This post is wishful thinking that some day Gaza can become a tourist attraction. Rimal is the upper end higher socio-economic neighborhood where surprisingly enough there was once a Jewish Synagogue.
Rimal (Remal – حي الرمال) means “sands”. It is now an upscale, prosperous neighborhood in Gaza City, 3 kilometers from the city center, and on the coastline. The main street of the city of Gaza, Omar Mukhtar Street, is named the street after Omar Mukhtar, a Libyan revolutionary leader.
Omar Mukhtar Street runs northwest-southeast in the district and the main coastal road. Ahmad Orabi Street and Rasheed Street northeast-southwest.
- Ahmad Orabi Street (‘Urabi or Ourabi) is named after an Egyptian nationalist, revolutionary and an officer of the Egyptian army. He was the first political and military leader in Egypt to rise from the fellahin).
- Al-Rasheed street stretches along the coast from the north to the south of Gaza with restaurants, cafes and street vendors scattered across the sidewalk, selling everything from falafel sandwiches, ice cream, hot drinks and fresh juice.
Rimal is currently divided into the city districts of Southern Rimal and Northern Rimal.
Rimal was built on the ancient port city of Gaza called Maioumas. There was intense rivalry between Christian Gaza and Pagan Maioumas throughout the Byzantine era. Maiuma is identified with al-Mina, about 4 kilometers from Gaza towards the sea.
In the 1930s and 1940s, foreign missionary institutions financed the establishment of a residential neighborhood along the coast. This new district became known as Rimal (“Sand” or “Beach”). The port of Gaza is in the Rimal district.
Maioumas became associated at this time with a popular pagan licentious feast connected with water festivals undertaken in various places. The Maiuma was a festival that existed in a number of cities. Four localities were named after it – one of them Maiumas – the port of Gaza. This festival was celebrated with much splendour, banquets, offerings and naked women swimming in the theater. The essence of the Maiuma was not to abstain from any kind of abomination in regard to decency and sobriety.
Archaeologists find a Synagogue in Rimal
The ancient synagogue of Gaza was built in 508 AD during the Byzantine period and was discovered in 1965. It was located in the ancient port city of Gaza, then known as “Maiumas”, currently the Rimal district of Gaza City.
In 1965, Egyptian archaeologists discovered the site and announced they had uncovered mosaic floor of a synagogue representing King David wearing a crown and playing a lyre, labelled in Hebrew. The mosaic was dated to 508-09 CE and measured 3 meters (9.8 ft) high by 1.9 meters (6.2 ft) wide. It was originally described as depicting a female saint playing the harp. The Egyptian archaeologists first stated that the mosaic was female saint playing the harp. Later they stated that the mosaic was in fact an Orpheus mosaic, a Greek god used in Byzantine art. Shortly after the mosaic’s discovery, the main figure’s face was gouged out. When Israel captured the Gaza Strip in the 1967 Six-Day War, the King David mosaic was transferred to the Israel Museum for restoration.
King David, identified by a Hebrew inscription, is depicted here as Orpheus, the hero from Greek mythology whose music was more beautiful than that of any mortal. He is shown seated on a throne, wearing a royal robe and a crown, his head surrounded by a halo. A lyre rests in his lap, and around him is an audience of animals transfixed by his playing: a lioness, a snake, and possibly a deer. David’s association with music is a prominent motif in the Bible, thus making Orpheus a fitting prototype.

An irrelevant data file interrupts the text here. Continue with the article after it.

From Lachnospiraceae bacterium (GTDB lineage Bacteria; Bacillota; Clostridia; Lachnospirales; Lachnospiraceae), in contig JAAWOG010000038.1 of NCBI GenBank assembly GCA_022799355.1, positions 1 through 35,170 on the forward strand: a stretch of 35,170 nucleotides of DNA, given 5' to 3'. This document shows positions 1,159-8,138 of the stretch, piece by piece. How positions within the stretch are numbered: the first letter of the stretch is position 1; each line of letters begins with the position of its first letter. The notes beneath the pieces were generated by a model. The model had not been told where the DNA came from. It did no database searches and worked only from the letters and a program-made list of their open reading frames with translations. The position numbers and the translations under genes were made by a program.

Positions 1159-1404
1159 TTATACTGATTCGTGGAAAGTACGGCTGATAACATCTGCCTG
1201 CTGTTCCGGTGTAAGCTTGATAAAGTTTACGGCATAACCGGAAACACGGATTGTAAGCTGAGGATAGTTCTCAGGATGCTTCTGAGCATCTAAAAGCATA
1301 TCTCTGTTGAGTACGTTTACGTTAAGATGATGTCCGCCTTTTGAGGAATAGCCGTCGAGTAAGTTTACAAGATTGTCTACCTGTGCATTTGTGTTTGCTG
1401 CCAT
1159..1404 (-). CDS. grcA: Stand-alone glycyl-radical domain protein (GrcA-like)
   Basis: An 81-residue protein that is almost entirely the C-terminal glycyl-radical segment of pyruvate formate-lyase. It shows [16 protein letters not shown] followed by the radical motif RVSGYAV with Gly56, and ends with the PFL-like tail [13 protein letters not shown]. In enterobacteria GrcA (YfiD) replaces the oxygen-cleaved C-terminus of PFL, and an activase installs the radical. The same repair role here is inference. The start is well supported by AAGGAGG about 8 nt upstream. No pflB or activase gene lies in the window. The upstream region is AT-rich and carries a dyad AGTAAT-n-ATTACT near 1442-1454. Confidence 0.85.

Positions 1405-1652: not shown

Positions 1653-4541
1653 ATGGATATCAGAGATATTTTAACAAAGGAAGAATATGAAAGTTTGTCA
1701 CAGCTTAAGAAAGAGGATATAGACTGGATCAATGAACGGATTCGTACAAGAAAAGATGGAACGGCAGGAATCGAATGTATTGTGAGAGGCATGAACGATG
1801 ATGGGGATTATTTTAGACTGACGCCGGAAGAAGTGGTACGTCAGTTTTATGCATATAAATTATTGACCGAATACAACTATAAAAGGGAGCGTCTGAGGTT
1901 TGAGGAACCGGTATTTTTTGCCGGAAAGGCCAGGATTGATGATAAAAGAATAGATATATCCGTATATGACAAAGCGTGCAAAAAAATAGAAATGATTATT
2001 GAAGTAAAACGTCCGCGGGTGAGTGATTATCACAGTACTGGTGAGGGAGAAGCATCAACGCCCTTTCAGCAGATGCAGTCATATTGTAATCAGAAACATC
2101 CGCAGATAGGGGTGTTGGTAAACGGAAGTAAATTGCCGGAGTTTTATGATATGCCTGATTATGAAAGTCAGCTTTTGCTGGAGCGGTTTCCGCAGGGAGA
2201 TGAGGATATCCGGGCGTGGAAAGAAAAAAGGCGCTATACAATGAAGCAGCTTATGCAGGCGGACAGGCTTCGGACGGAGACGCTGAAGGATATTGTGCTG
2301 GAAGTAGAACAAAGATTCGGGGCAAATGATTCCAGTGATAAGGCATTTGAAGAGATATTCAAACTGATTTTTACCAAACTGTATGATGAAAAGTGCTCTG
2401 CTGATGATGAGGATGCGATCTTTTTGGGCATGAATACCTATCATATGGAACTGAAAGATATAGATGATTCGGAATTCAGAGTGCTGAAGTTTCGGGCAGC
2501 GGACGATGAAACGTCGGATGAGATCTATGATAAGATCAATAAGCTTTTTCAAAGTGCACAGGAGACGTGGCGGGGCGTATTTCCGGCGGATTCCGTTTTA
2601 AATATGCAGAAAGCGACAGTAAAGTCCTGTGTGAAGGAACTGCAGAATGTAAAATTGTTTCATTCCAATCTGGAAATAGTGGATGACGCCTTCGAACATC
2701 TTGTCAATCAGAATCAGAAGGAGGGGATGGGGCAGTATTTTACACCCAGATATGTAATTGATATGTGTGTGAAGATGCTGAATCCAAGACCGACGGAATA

A copy of the mosaic floor of the synagogue is on show at the Museum of the Good Samaritan, located on the Jerusalem-Jericho Road near Ma’ale Adumim.
Port of Gaza
The Port of Gaza (Maiuma or Maiumas) was the principal port in the Mediterranean at the end of the Nabataean spice road. The port was was located opposite Gaza City and distinct from it. Alexander Jannaeus conquered Gaza in 99 BCE. This denied the Nabateans access to the port and trade with Rome led to Obodas launching a military campaign against the Hasmonean King. Gaza Port was rebuilt after it was incorporated into the Roman Empire in 63 BCE under the command of Pompey Magnus and trade routes were reopened. Under the emperor Julian, it was downgraded and the name was changed to Maioumas (“harbor place”)
Attractions near Rimal, Gaza
- Qasr al-Basha ( قصر الباشا – Radwan Castle – Napoleon’s Fort, once a large palace, and now a two-floored girls’ school and museum, situated in the Old City of Gaza. It served as a seat of power in the Mamluk and Ottoman periods and as a police station under the British Mandate.
- The Great Mosque (Jamaa al-Kabir – جامع غزة الكبير – Gaza Great Mosque: This is is the largest and oldest mosque in the Gaza Strip, located in Gaza’s old city.
- The Church of Saint Porphyrius – كنيسة القديس برفيريوس: is the Orthodox Christian church of Gaza, and the oldest active church in the city. Located in the Zaytun Quarter of the Old City, it is named after the 5th century bishop of Gaza, Saint Porphyrius, whose tomb is situated in the northeastern corner of the church.
- The Funduk Al-Mathaf (The Museum Hotel – The Gaza Museum of Archaeology – المتحف) The museum is called in English the AlMath’af, Recreational Cultural House. It was opened to the public in fall 2008 in Gaza. The Museum is a privately owned restaurant, hotel, and conference center, with a privately owned museum that houses over 350 antiquities discovered in the Gaza Strip from various historical periods.
- The Gaza Baptist Church: A Baptist church in Gaza City, Gaza, Palestinian Territories. The Church is one of only three Christian churches in the Gaza Strip, and the only one that is Protestant and evangelical. The Holy Family Church is Roman Catholic. The Church of Saint Porphyrius is Orthodox Christian.